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Does Tim Burton's Dumbo remake soar? First reviews say it's gorgeous, but lacks heart

By Josh Weiss
Eva Green Dumbo Tim Burton Disney

This Friday (March 29), Tim Burton's live-action remake of Disney's Dumbo will fly into theaters, but does the reimagining of the 1941 animated classic fly high or crash? The answer, according to the first official reviews, is both yes and no.

Despite some true ambition, an all-star ensemble cast, and Burton's twisted touch, the film (written by Ghost in the Shell's Ehren Kruger) cannot quite achieve the lofty heights of its beloved source material, which, if we're being honest, isn't perfect either.

Nevertheless, some critics write that there are some really genuine moments, hailing Dumbo as Burton's best movie in years thanks to the weirdness he is able to infuse into the plot's post-war circus setting.

Most notably, the project sees the filmmaker reunited with his two Batman/Batman Returns alums, Danny DeVito and Michael Keaton. DeVito plays Max Medici, the owner of the circus to which Dumbo is born. His large, flappy ears are considered an eyesore until Medici realizes that they allow the pachyderm to fly around the ring. Hearing about this miraculous animal, Keaton's  V. A. Vandevere buys out the circus in order to get rich off of the talented elephant.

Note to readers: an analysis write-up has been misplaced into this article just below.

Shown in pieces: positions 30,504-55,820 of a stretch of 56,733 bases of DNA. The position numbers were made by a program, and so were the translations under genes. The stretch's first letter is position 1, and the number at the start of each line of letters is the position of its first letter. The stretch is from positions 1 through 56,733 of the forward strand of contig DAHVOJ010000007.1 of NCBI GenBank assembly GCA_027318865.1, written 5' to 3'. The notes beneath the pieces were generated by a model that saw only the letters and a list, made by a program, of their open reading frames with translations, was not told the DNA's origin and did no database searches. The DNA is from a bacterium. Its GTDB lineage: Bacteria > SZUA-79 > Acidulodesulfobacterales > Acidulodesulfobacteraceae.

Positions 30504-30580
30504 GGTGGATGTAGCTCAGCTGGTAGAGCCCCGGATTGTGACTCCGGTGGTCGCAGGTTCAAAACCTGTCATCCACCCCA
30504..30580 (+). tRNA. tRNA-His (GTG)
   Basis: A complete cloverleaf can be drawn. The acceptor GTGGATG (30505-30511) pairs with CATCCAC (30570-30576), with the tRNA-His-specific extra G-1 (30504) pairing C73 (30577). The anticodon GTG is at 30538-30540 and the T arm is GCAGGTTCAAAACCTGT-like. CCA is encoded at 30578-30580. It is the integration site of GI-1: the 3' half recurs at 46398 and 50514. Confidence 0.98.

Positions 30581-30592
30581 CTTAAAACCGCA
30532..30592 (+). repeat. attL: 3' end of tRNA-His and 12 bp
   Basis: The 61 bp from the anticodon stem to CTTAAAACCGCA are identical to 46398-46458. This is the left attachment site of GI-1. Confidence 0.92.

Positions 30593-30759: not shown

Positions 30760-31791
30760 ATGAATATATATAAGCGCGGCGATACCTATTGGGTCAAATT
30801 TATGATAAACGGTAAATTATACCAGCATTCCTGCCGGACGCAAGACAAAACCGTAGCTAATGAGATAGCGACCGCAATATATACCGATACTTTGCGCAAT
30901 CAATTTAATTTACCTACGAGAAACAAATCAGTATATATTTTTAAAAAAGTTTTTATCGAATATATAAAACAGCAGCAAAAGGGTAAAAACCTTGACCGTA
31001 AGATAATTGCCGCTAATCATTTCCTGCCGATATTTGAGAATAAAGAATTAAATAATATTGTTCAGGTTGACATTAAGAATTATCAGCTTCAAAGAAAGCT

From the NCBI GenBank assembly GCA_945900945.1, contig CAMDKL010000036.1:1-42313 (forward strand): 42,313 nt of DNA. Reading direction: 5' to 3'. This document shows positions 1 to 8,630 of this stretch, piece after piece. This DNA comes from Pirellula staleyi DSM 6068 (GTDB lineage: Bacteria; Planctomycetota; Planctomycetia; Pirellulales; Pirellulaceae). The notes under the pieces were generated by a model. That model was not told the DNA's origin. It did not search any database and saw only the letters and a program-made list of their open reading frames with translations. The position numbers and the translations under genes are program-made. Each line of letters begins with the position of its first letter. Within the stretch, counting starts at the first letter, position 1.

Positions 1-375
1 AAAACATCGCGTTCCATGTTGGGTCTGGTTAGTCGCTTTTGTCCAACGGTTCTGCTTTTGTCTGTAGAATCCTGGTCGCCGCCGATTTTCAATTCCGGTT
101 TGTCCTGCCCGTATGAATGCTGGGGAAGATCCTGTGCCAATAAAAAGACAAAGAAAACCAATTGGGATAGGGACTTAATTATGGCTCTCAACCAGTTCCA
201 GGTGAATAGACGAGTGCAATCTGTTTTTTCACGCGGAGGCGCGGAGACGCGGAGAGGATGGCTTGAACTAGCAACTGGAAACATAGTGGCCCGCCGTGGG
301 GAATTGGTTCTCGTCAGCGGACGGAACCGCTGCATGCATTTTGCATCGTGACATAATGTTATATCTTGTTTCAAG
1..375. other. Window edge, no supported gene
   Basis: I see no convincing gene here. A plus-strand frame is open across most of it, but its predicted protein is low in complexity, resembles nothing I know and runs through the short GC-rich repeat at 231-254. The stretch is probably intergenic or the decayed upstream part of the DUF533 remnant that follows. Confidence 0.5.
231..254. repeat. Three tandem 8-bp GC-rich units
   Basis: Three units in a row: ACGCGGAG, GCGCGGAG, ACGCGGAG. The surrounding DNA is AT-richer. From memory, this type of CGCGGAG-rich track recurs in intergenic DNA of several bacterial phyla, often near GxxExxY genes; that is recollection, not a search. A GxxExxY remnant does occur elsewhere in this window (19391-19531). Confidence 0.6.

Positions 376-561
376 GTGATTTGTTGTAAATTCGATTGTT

Due to the presence of Keaton's character, reviews have pointed out that the movie gains an extra dimension from Disney's real-world acquisition of 20th Century Fox, which is currently resulting in many layoffs. And despite the titular character's cuteness shown off in the trailers, some are a little freaked out by how unnatural he looks as a completed CGI creation.

Colin Farrell (Fantastic Beasts), Eva Green (Miss Peregrine's Home for Peculiar Children), and Alan Arkin (Argo) make up the rest of Dumbo's A-list cast.

See what the critics are saying below...

"The actors all do what they can, but mostly get lost in the shuffle and end up with too little to do, like Alan Arkin's cynical New York banker. This is a film in which Rick Heinrichs' richly textured production design and Colleen Atwood's beautiful period costumes are the stars. There are gorgeous images, such as the always alluring Green swinging from a giant chandelier in the big top, shedding her skirt before an aerial leap. But when that visual leaves a more captivating impression than a baby elephant spreading its ears and getting airborne like a glider, something is definitely off in the balance. The new Dumbo holds the attention but too seldom tugs at the heartstrings." -David Rooney, The Hollywood Reporter